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Amy Paeth, "The American Poet Laureate" A History of U.S. Poetry and the State" (Columbia UP, 2023)

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Manage episode 405839079 series 3460193
A tartalmat a New Books Network biztosítja. Az összes podcast-tartalmat, beleértve az epizódokat, grafikákat és podcast-leírásokat, közvetlenül a New Books Network vagy a podcast platform partnere tölti fel és biztosítja. Ha úgy gondolja, hogy valaki az Ön engedélye nélkül használja fel a szerzői joggal védett művét, kövesse az itt leírt folyamatot https://hu.player.fm/legal.

The American Poet Laureate: A History of U.S. Poetry and the State (Columbia University Press, 2023) by Dr. Amy Paeth shows how the state has been the silent centre of poetic production in the United States since World War II. It is the first history of the national poetry office, the U.S. poet laureate, highlighting the careers of Elizabeth Bishop, Robert Frost, Gwendolyn Brooks, Robert Pinsky, Tracy K. Smith, Juan Felipe Herrera, and Joy Harjo at the nation’s Capitol. It is also a history of how these state poets participated in national arts programming during the Cold War.

Drawing on previously unexplored archival materials at the Library of Congress and materials at the John F. Kennedy Presidential Library, Dr. Paeth describes the interactions of federal bodies, including the Central Intelligence Agency, the State Department, and the National Endowment for the Arts, with literary organisations and with private patrons, including “Prozac heiress” Ruth Lilly. The consolidation of public and private interests is crucial to the development of state verse culture, recognizable at the first National Poetry Festival in 1962, which followed Robert Frost’s “Mission to Moscow,” and which became dominant in the late 1990s and early 2000s.

The American Poet Laureate contributes to a growing body of institutional and sociological approaches to U.S. literary production in the postwar era and demonstrates how poetry has played a uniquely important, and largely underacknowledged, role in the cultural front of the Cold War.

This interview was conducted by Dr. Miranda Melcher whose forthcoming book focuses on post-conflict military integration, understanding treaty negotiation and implementation in civil war contexts, with qualitative analysis of the Angolan and Mozambican civil wars.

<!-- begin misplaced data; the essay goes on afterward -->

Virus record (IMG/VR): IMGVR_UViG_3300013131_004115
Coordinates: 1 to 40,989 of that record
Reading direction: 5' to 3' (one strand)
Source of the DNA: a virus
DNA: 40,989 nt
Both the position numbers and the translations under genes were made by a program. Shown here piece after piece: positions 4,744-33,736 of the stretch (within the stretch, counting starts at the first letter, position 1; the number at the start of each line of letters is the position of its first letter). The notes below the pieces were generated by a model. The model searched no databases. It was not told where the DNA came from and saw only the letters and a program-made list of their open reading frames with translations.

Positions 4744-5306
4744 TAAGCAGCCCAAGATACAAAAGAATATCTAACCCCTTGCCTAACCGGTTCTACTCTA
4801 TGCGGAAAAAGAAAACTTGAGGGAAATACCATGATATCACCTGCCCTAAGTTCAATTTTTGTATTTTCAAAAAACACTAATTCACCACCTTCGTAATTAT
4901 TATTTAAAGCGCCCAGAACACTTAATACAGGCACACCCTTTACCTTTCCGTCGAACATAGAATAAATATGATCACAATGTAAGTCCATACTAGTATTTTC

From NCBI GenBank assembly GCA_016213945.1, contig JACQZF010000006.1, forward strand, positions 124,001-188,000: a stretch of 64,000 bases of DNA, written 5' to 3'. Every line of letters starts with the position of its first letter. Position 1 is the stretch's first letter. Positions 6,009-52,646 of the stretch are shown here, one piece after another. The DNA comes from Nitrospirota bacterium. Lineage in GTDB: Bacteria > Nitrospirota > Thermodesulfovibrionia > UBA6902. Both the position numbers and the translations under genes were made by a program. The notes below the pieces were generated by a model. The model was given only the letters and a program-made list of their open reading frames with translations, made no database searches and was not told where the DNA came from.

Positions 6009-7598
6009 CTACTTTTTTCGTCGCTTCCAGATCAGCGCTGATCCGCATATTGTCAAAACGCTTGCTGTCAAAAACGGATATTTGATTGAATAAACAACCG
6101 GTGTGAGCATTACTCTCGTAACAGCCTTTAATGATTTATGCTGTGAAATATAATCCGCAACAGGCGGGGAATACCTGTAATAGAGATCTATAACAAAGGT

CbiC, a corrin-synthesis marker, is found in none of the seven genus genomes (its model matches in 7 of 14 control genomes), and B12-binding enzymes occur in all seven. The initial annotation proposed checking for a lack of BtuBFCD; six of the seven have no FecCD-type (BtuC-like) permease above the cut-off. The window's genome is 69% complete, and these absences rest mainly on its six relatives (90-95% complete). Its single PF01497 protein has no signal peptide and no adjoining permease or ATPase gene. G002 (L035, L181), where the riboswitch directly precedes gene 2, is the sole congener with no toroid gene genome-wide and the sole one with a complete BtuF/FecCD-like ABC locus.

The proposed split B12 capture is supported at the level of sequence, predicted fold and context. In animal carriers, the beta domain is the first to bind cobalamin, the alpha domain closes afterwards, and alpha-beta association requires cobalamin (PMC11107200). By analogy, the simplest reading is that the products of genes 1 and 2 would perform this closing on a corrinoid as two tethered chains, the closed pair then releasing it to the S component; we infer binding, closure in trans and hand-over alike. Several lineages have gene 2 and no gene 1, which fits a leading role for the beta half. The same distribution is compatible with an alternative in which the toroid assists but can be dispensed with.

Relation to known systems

continue reading

367 epizódok

Artwork
iconMegosztás
 
Manage episode 405839079 series 3460193
A tartalmat a New Books Network biztosítja. Az összes podcast-tartalmat, beleértve az epizódokat, grafikákat és podcast-leírásokat, közvetlenül a New Books Network vagy a podcast platform partnere tölti fel és biztosítja. Ha úgy gondolja, hogy valaki az Ön engedélye nélkül használja fel a szerzői joggal védett művét, kövesse az itt leírt folyamatot https://hu.player.fm/legal.

The American Poet Laureate: A History of U.S. Poetry and the State (Columbia University Press, 2023) by Dr. Amy Paeth shows how the state has been the silent centre of poetic production in the United States since World War II. It is the first history of the national poetry office, the U.S. poet laureate, highlighting the careers of Elizabeth Bishop, Robert Frost, Gwendolyn Brooks, Robert Pinsky, Tracy K. Smith, Juan Felipe Herrera, and Joy Harjo at the nation’s Capitol. It is also a history of how these state poets participated in national arts programming during the Cold War.

Drawing on previously unexplored archival materials at the Library of Congress and materials at the John F. Kennedy Presidential Library, Dr. Paeth describes the interactions of federal bodies, including the Central Intelligence Agency, the State Department, and the National Endowment for the Arts, with literary organisations and with private patrons, including “Prozac heiress” Ruth Lilly. The consolidation of public and private interests is crucial to the development of state verse culture, recognizable at the first National Poetry Festival in 1962, which followed Robert Frost’s “Mission to Moscow,” and which became dominant in the late 1990s and early 2000s.

The American Poet Laureate contributes to a growing body of institutional and sociological approaches to U.S. literary production in the postwar era and demonstrates how poetry has played a uniquely important, and largely underacknowledged, role in the cultural front of the Cold War.

This interview was conducted by Dr. Miranda Melcher whose forthcoming book focuses on post-conflict military integration, understanding treaty negotiation and implementation in civil war contexts, with qualitative analysis of the Angolan and Mozambican civil wars.

  continue reading

367 epizódok

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